Alden Pyle Quotes in The Quiet American
Pyle was very earnest and I had suffered from his lectures on the Far East, which he had known for as many months as I had years. Democracy was another subject of his—he had pronounced and aggravating views on what the United States was doing for the world. Phuong on the other hand was wonderfully ignorant; if Hitler had come into the conversation she would have interrupted to ask who he was. The explanation would be all the more difficult because she had never met a German or a Pole and had only the vaguest knowledge of European geography, though about Princess Margaret of course she knew more than I. I heard her put a tray down on the end of the bed.
I walked back with Phuong towards my flat. I was no longer on my dignity. Death takes away vanity—even the vanity of the cuckold who mustn’t show his pain.
That night I woke from one of those short deep opium sleeps, ten minutes long, that seem a whole night’s rest, and found my hand where it had always lain at night, between her legs. She was asleep and I could hardly hear her breathing. Once again after so many months I was not alone, and yet I thought suddenly with anger, remembering Vigot and his eye-shade in the police station and the quiet corridors of the Legation with no one about and the soft hairless skin under my hand, “Am I the only one who really cared for Pyle?”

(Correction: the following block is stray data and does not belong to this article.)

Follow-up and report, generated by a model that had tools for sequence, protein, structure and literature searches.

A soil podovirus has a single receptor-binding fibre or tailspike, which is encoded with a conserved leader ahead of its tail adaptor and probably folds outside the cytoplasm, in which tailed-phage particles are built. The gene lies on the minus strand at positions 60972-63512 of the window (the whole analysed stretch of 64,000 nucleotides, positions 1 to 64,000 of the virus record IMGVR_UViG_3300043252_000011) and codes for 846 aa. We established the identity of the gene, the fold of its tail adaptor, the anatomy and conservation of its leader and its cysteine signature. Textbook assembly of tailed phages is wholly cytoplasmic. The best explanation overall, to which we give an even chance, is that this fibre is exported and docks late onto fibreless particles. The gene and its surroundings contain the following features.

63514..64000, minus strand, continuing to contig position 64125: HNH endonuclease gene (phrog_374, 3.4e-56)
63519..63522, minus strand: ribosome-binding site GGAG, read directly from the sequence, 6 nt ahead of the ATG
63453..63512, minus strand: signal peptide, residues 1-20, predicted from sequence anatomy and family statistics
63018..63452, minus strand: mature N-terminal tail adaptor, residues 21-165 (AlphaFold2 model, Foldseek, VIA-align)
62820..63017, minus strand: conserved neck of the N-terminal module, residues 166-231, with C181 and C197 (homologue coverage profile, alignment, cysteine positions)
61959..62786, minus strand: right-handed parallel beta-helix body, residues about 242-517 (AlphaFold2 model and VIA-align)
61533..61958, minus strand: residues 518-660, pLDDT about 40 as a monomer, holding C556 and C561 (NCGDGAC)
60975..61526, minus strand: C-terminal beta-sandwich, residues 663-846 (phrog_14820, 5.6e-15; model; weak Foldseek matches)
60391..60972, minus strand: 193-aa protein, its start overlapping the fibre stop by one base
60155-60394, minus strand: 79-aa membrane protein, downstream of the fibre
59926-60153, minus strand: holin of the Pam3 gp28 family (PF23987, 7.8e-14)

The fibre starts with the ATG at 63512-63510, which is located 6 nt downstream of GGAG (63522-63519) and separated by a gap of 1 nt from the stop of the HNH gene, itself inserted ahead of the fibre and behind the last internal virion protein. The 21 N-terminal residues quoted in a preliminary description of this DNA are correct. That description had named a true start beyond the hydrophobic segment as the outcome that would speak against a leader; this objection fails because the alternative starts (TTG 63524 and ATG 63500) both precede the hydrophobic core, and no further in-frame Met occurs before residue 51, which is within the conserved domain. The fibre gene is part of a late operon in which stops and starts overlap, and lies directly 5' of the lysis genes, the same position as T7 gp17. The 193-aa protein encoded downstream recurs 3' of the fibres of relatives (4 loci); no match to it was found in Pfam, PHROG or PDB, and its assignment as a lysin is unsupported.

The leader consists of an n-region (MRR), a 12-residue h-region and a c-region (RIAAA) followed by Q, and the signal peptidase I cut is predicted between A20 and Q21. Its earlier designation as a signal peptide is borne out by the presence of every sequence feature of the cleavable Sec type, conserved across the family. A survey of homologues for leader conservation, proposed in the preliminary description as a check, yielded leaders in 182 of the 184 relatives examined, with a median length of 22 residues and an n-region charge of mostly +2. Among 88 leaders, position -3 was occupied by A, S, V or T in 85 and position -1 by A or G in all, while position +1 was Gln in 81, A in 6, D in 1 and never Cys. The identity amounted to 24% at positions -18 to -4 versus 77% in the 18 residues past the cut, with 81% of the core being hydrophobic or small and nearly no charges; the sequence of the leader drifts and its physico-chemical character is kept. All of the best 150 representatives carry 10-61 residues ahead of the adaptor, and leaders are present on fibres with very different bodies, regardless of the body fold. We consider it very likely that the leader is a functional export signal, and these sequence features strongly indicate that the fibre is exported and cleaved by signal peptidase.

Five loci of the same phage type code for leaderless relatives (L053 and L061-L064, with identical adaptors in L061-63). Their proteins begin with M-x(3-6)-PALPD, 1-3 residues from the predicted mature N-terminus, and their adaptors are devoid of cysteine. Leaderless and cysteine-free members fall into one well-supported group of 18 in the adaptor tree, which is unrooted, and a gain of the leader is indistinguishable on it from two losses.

I liked his loyalty to Harding—whoever Harding was. It was a change from the denigrations of the Pressmen and their immature cynicism. I said, “Have another bottle of beer and I’ll try to give you an idea of things.”
“Do you think I’d really go near their stinking highway? Stephen Crane could describe a war without seeing one. Why shouldn’t I? Its only a damned colonial war anyway. Get me another drink. And then let’s go and find a girl. You’ve got a piece of tail. I want a piece of tail too.”
“Home?” I said and laughed, and Pyle looked at me as though I were another Granger. Suddenly I saw myself as he saw me, a man of middle age, with eyes a little bloodshot, beginning to put on weight, ungraceful in love, less noisy than Granger perhaps but more cynical, less innocent, and I saw Phuong for a moment as I had seen her first, dancing past my table at the Grand Monde in a white ball-dress, eighteen years old, watched by an elder sister who had been determined on a good European marriage. An American had bought a ticket and asked her for a dance: he was a little drunk—not harmfully, and I suppose he was new to the country and thought the hostesses of the Grand Monde were whores. He held her much too close as they went round the floor the first time, and then suddenly there she was, going back to sit with her sister, and he was left, stranded and lost among the dancers, not knowing what had happened or why. And the girl whose name I didn’t know sat quietly there, occasionally sipping her orange juice, owning herself completely.